Coffee Beans: Whole vs. Ground
As mentioned above, there are four types of coffee beans – Arabica and Robusta are two of the world’s most popular. You can make coffee from whole coffee beans, but it will take a long time. It’s far easier to grind your beans into a fine powder, which activates them and produces a beautiful single-serving espresso.
It’s All About the Ratio
The difference between producing a regular coffee and producing coffee that a coffee aficionado would enjoy is all about the ratio when producing espressos. There is a so-called “Golden Ratio” when producing coffee. This is one gram of coffee per 18ml of water.
To make your standard brewed coffee, you’ll need 3/4 cups of hot water per two tablespoons of coffee. While this Golden Ratio is the standard in the coffee industry, if you’re just casually producing at home, you can make your coffee a little stronger, or weaker, to your liking.
Try a 1:10 ratio (grams x ml of water) for a stronger blend. There are plenty of different ways to make coffee that can affect the strength, too – including making French press coffee – a different brewing method to make coffee using ground coffee.
Espresso Single Shot vs. Double Shot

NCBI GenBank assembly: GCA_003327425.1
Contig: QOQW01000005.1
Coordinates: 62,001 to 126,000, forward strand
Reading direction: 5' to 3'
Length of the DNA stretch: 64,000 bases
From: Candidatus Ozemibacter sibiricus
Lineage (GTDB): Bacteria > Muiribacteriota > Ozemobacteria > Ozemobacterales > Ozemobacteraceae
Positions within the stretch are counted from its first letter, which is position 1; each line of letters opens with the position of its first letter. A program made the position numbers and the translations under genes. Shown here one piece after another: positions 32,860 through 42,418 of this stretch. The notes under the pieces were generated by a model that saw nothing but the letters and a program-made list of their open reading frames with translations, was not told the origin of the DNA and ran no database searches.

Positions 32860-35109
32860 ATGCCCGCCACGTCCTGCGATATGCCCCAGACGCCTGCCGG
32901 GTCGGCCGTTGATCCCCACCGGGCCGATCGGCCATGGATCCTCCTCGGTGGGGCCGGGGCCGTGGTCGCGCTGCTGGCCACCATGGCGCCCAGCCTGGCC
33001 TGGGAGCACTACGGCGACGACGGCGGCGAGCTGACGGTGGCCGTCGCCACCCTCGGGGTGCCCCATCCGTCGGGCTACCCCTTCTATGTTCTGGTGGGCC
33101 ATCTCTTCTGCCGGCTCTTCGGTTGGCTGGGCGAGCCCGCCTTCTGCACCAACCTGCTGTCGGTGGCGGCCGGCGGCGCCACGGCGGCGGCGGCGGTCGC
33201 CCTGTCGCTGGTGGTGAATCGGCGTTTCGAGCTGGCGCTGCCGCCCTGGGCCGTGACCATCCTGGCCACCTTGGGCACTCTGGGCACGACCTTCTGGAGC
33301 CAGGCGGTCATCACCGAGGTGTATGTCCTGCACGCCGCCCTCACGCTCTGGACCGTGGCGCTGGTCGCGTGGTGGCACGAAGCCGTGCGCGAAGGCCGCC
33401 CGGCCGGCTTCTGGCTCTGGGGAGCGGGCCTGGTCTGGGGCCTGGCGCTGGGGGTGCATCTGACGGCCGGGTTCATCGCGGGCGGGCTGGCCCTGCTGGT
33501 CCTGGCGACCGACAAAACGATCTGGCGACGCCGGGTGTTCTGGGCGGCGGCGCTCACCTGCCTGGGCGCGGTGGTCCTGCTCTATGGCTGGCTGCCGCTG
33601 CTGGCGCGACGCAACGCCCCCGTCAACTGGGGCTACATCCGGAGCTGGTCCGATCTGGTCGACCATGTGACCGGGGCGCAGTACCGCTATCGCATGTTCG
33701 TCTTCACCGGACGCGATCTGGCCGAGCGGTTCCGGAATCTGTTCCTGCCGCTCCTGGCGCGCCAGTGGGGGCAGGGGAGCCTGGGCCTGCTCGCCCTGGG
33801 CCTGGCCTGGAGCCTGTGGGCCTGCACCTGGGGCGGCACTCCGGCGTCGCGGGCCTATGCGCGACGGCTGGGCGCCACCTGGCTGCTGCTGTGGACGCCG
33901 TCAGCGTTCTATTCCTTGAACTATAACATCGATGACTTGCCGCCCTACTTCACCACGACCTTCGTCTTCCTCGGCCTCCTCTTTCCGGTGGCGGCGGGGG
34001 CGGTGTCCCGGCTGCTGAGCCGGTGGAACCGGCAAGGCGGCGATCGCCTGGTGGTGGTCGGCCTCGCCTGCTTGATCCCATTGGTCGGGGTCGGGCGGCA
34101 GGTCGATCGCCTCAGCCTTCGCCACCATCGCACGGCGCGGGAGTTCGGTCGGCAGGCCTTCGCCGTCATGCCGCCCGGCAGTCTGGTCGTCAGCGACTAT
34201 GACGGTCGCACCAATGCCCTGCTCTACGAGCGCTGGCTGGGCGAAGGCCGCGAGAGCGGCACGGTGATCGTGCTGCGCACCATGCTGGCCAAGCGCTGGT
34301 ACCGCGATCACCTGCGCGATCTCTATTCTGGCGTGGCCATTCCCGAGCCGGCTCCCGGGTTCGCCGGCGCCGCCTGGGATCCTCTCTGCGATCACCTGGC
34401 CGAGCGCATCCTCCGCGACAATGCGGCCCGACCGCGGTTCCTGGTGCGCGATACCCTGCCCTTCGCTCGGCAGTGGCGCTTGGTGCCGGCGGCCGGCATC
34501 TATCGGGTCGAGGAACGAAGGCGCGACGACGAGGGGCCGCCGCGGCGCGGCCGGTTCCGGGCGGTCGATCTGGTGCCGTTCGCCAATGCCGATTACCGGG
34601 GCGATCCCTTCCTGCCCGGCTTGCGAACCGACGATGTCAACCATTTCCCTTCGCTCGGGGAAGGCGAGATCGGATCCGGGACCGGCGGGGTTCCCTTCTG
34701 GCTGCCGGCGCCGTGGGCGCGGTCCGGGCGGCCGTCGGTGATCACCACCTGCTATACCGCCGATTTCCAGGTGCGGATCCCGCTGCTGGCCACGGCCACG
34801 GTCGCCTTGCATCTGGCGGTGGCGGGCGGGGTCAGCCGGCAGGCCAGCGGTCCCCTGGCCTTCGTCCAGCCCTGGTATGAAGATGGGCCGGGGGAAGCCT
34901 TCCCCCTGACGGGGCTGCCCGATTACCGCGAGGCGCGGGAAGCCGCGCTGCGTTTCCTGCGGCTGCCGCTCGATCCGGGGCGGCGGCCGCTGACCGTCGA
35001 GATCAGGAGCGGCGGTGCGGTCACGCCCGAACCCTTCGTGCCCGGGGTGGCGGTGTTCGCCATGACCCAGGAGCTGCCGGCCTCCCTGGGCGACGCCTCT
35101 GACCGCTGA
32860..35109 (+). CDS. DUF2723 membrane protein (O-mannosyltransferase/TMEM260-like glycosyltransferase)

A single shot of espresso denotes one fluid ounce of hot water, pressurized and forced through seven grams of coffee grounds – usually held within a ‘puck’ – a circular container made for holding ground coffee.
A double shot of espresso would be two fluid ounces of hot water, forced through 14 grams of coffee grounds, according to the Italian espresso methodology. More coffee, higher caffeine intake, perkier, happier self – hopefully!
But How Much Is An Actual Shot of Espresso?
An actual shot of espresso is made using a ratio of 1:2, water to coffee grounds. However, some coffee drinkers will use a 1:3 ratio, or 1:1.5 ratio, depending on how strong they like their coffee. Different coffee recipes can also cause some variation when making espresso-based drinks.
How Many Ounces in a Shot of Espresso?
A single shot of espresso denotes one fluid ounce of hot water.
Espresso Is Key To Many Coffee Drinks
One thing about espresso is that it isn’t just a caffeinated beverage alone. It’s also a key ingredient in many coffee recipes.
- A latte is 1/3 espresso, and 2/3 steamed milk.
- A macchiato is an espresso coffee made with double-shots of espresso and topped with steamed milk (rather than mixed in).
- A flat white is coffee, mixed with espresso and topped with steam milk and a layer of foam.
- A mocha is made with espresso coffee, steamed milk and either hot chocolate or chocolate syrup.
As you can see, an espresso coffee is a key component in a variety of your favorite specialized coffee beverages!
We hope our guide to measuring espresso has given you the knowledge to make your own, save some money, experiment and have fun making a delicious coffee, day after day.